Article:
The overall volume of works that are less than three years old being sold has decreased by 23% this year. While three of the major auction houses are preparing for mid-season emerging art sales in late September, New York Times columnist Scott Reyburn determined that these auctions will be a test for the market. In February 2014, a “Rain” painting by Lucien Smith, which was created in 2012, was sold at an auction held in London for £224,500, about $372,000, nearly 30 times it original estimated price. In May 2015, another painting from the “Rain” series created in the same year, with the same dimensions as the one sold in 2014, sold at Phillips in New York at $62,500. According to London-based collector, art dealer and writer Kenny Schachter, “People with foresight have stopped buying this kind of art…Artists in their 20s just shouldn’t be selling for almost $400,000.” Artnet has shown that contemporary works created within the preceding three years amassed $217.4 million in auction sales in the first half of 2014. Sales of these works slumped to 23% during the equivalent period this...

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The 90s Crisis and Its Consequences

Alfred Marshall stated in his book Principles of Economics, “It is impossible to evaluate objects such as master paintings […] since they are unique in their genre, having neither equivalent or competitor.” Art has always been an ambiguous subject of study for economists due to its atypical characteristics. Works of art have an increasingly marginal utility (in which perceived satisfaction increases with consumption, which is not the case for other types of goods) and a strong degree of uncertainty in its value. One of the necessary elements to comprehend the art market crisis of the 1990s is that it revealed a change of view of art: art is no longer considered an independent field within the economy but as a sector of potential investment. The 1980s: a favorable macroeconomic environment for speculation The art market began to globalise after World War II. The United States became an important player, and prices began to increase. However, it was following the 1980s that the prices saw a significant increase. During this time, the financial markets profited greatly from cash-flow and the economy witnessed a period of growth after the post-oil shock recession. Now there is a link between the growth of the economy and the art market: an increase in GDP invites investors to place their funds in the art market with the purpose of diversifying their portfolios or out of pure artistic interest. Additionally, Japanese investors began to participate in the art market as buyers, favored by a strong yen and a flourishing economy. The amount of artistic imports to Japan during this time rose to nearly 20 billion francs, around €3 billion. Finally, it was during the 1980s that businesses began to collect artwork: which was the case for IBM and Philip Morris, for example. These elements created a strong demand in the art market, with...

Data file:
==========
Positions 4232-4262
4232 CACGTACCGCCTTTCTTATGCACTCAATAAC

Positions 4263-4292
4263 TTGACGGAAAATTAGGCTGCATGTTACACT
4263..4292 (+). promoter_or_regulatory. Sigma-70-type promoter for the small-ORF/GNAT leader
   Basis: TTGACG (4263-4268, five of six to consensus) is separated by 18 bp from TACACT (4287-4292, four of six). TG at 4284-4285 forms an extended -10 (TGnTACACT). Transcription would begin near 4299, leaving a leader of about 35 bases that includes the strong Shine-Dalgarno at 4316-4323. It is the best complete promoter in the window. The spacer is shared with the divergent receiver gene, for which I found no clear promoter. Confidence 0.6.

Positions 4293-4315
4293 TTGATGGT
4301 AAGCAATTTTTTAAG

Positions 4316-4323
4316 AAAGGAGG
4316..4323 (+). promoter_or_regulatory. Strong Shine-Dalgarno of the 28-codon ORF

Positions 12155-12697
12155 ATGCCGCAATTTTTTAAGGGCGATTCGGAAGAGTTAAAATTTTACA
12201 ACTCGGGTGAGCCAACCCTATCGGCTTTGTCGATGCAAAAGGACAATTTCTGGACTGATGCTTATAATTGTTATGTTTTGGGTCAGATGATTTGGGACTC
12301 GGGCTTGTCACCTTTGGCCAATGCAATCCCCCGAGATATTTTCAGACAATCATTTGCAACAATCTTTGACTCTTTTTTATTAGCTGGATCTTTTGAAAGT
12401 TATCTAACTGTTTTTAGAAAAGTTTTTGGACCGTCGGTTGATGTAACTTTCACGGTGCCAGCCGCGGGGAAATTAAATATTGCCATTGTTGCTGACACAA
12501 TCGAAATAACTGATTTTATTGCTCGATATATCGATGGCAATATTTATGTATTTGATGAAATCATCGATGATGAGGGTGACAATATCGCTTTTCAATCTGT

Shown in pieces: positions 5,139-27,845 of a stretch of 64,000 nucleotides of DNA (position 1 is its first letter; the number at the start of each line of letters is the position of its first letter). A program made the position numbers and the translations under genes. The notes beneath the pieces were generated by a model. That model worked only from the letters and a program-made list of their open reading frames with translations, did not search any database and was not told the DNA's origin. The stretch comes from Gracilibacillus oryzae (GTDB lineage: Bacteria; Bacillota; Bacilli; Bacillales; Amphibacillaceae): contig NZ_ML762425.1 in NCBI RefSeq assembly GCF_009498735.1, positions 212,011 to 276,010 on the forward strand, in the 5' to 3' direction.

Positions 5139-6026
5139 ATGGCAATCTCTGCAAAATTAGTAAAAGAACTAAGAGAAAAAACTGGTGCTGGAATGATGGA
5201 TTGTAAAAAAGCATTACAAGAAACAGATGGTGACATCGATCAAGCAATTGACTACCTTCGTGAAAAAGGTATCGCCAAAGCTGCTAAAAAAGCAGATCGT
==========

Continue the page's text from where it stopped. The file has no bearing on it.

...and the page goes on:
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Christie’s and Sotheby’s Post-War and Contemporary sales fetch total £240 million

More than £240 million was made in sales by Christie’s and Sotheby’s over the past month in their Post-War and Contemporary auctions. ArtNEWS reported, using data from Skate’s, the half of this £240 million was fetched by the work of just three artists; Gerhard Richter, Cy Twombly, and Francis Bacon. The other half was fetched by the work of 60 artists, demonstrating the huge discrepancy between prices. Richter alone created 26% of the total, compared to Twombly’s 13.9% and Bacon’s 10%. Other important artists included: Yves Klein, with 6.8%; Lucio Fontana, with 6.6%; Andy Warhol, with 4.5%; and Jean-Michel Basquiat with 4.4%. The highest selling piece of the period was, naturally, a Richter piece which sold for £30.4 million at...